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Judge Rejects DNA Test 13 Years After Execution

The Innocence Project backed the test, which would have been a first
By Newser Editors and Wire Services
Posted Nov 18, 2019 6:00 PM CST
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April Alley, front, daughter of Sedley Alley, hugs a member of her legal team in a Memphis courtroom last month.   (Patrick Lantrip/Daily Memphian via AP, File)

(Newser) – A Memphis judge ruled on Monday that the daughter of a man executed 13 years ago for murder does not have the right to seek DNA testing in the case. Sedley Alley, April Alley's father, was executed in 2006 for the 1985 murder of Marine Lance Cpl. Suzanne Collins. In May, April Alley petitioned the court on behalf of her father’s estate to order DNA testing, the AP reports. The move came after investigators in a Missouri case contacted the Innocence Project about a possible connection between that suspect and Collins. Since the early 1990s, 22 death row inmates around the US have been absolved of crimes through DNA evidence. The Innocence Project was trying to use such evidence to exonerate a person who has already been executed, something that has never been done before.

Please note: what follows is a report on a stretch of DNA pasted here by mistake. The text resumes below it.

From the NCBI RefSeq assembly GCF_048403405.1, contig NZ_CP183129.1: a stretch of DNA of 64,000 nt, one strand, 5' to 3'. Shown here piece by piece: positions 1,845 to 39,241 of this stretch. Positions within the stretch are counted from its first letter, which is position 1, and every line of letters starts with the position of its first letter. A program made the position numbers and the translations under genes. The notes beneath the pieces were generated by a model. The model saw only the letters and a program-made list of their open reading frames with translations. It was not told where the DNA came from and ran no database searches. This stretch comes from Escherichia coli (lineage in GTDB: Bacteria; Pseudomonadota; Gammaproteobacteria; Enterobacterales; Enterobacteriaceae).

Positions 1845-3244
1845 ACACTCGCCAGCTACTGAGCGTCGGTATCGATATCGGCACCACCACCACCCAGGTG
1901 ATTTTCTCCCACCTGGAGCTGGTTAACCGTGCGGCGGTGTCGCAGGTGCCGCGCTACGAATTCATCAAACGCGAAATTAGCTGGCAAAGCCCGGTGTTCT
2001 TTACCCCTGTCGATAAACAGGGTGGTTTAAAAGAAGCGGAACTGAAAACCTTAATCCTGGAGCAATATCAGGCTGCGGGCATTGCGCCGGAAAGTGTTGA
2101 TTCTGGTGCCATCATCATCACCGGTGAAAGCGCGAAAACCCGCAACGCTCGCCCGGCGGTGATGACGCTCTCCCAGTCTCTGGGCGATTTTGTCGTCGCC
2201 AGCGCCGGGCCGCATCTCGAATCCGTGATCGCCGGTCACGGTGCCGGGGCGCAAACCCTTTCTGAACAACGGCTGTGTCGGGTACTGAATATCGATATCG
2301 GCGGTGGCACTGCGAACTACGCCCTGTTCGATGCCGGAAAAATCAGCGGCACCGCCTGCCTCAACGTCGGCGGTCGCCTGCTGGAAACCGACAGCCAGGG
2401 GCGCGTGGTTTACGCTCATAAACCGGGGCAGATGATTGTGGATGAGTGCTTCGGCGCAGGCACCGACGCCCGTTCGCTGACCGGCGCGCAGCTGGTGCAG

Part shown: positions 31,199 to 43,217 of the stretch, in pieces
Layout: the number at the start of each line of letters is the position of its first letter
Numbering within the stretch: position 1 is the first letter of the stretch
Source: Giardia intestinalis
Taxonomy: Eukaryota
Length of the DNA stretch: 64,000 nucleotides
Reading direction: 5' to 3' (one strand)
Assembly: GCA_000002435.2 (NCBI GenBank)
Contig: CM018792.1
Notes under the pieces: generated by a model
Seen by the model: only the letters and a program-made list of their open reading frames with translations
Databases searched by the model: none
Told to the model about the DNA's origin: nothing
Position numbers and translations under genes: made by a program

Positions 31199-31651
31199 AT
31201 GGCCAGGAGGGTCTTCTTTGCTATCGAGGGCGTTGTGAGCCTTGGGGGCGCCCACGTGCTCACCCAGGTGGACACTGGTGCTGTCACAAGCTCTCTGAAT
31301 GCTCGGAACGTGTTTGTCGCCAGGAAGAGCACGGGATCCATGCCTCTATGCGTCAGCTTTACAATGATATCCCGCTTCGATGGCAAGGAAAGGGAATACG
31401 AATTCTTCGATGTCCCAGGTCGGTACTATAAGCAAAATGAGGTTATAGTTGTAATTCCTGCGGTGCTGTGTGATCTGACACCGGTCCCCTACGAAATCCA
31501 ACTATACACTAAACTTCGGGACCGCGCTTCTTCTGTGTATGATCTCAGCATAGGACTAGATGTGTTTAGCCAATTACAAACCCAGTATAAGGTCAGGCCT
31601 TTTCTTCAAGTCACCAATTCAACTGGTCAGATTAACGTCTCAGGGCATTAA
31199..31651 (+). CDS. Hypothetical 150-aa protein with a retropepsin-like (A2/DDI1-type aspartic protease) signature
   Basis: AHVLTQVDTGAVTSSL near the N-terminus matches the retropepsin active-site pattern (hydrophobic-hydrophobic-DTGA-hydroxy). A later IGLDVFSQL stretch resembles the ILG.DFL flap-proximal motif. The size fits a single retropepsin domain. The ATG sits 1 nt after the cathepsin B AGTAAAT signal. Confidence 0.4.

Collins, 19, was stationed at the former Memphis Naval Air Station when she went jogging on July 11, 1985. Her body was discovered the next day. She had been beaten, raped, and mutilated. Sedley Alley confessed to the crime after 12 hours of questioning but later said the confession was coerced. Innocence Project co-founder Barry Scheck had sought DNA evidence testing shortly before the execution but was denied. Earlier this year, Scheck received a call from investigators in St. Louis. He said they wanted to discuss a possible connection between Collins and Thomas Bruce, who is charged with sexually assaulting two women and killing a third at a Catholic Supply store there about a year ago.

(Read more Innocence Project stories.)

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